Yesterday a new world record was established for electric motorcycles at the Isle of Mann TT; and it was only qualifying day.
The Mugen Shinden San team set a new average lap speed of 186.5kmh, putting them only 23kmh behind the outright lap record speed of 209km. This lap was a huge 20 seconds faster than last year's best electric lap, at 19min 35sec and around 2min behind the fastest ever lap by course legend John Guinness (on a CBR1000RR), who also happens to be the Mugen Shinden San pilot for 2014.
What is most remarkable, however, is the rate and pace of advancement in electric bikes at this event, now in its fifth year of running.
In 2009, the inaugural lap record speed for the Agni electric bike was 140.7kmh; equivalent to the time that a 500cc Manx Norton achieved in 1936.
However, in just five short years electric motorcycles have advanced to speeds that are equivalent to those set in 1981 by a Honda 1000 and just a smidgen faster than the ferocious Yamaha TZ750 two-stroke.
(For those of you unfamiliar with the legendary TZ750, it was a bike that had a tendency to scare the living crap out of people. It delivered a ferocious burst of power in a small power band and was housed in a chassis that simply wasn’t up to the task. Every boy of the era dreamed of being able to ride and tame this machine and matching its speed is a pretty significant milestone in this young boy’s books. I simply couldn’t have conceived that by the time I was grown up a glorified starting battery coupled to a smart electric flymo motor would achieve the same results.)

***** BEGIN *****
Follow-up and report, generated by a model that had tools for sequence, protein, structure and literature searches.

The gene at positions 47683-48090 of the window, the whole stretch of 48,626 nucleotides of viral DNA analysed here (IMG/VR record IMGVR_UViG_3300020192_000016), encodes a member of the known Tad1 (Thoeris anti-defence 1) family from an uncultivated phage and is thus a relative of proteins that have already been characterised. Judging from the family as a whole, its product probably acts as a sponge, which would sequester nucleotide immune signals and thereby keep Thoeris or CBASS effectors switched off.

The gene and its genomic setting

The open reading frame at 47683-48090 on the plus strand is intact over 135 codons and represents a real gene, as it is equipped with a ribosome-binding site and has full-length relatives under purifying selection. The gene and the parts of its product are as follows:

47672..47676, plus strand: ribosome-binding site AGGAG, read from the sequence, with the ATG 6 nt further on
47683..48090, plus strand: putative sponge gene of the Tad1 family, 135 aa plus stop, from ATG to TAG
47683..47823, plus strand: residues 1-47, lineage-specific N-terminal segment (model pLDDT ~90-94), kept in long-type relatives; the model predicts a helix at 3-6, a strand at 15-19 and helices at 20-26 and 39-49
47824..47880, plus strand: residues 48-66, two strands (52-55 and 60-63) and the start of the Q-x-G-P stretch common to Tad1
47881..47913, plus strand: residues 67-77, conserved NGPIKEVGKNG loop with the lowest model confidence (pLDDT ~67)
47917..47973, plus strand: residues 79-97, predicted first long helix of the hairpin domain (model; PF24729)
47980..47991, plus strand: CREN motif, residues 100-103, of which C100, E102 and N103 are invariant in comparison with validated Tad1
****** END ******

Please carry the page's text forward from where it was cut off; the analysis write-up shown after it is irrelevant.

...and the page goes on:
Using the TT speeds as a benchmark, electric motorcycle performance has effectively achieved in five years what it took internal combustion engined bikes 45 years to achieve. On average, electric bikes evolve nine years for every one year of development, compared to their peers.
If the average pace of development continues, by 2016 electric motorcycles could challenge the outright speed of internal combustion engined bikes.
Now while this is exciting for rev heads, it has far more profound implications for the real world because the development, investment and lessons learned on the racetrack do translate into street machines. Nothing focuses attention better than being able to claim a new record or a prestigious silver trophy and right now we have a fantastic mix of small teams who reckon they can innovate their way to great results competing with the might and money of one of the world's largest automotive developers.
Indeed, valuable lessons in reliability in battery pack technology are emerging in street bikes with both capacity, energy density and higher power cells becoming more common. Most teams are also using advanced oil cooled three phase motors which is one of the keys that allows them to deliver massive amounts of energy; around 100kW/220NM in the case of the Honda Mugen (how does 800 Amps hit you!).
What’s great about racing on a tough circuit like the Isle of Man is that while power and speed are important, range and power delivery are equally crucial and this will reap great rewards for mere mortals too. Some of the top US developers have apparently been assisting Mugen Shinden San to develop new control systems which will undoubtedly be more sophisticated, lighter and more compact, and have helped increase the effective storage capacity on board which equals more range.
Understanding how to accurately control energy flows and squeeze more out of battery packs will translate into better road bikes and cars and, ultimately, will also flow on into home-based storage systems and better home integration technology.
Keep your eyes peeled for the results over the coming days and watch a little history being made.
Nigel Morris is the director of Solar Business Services.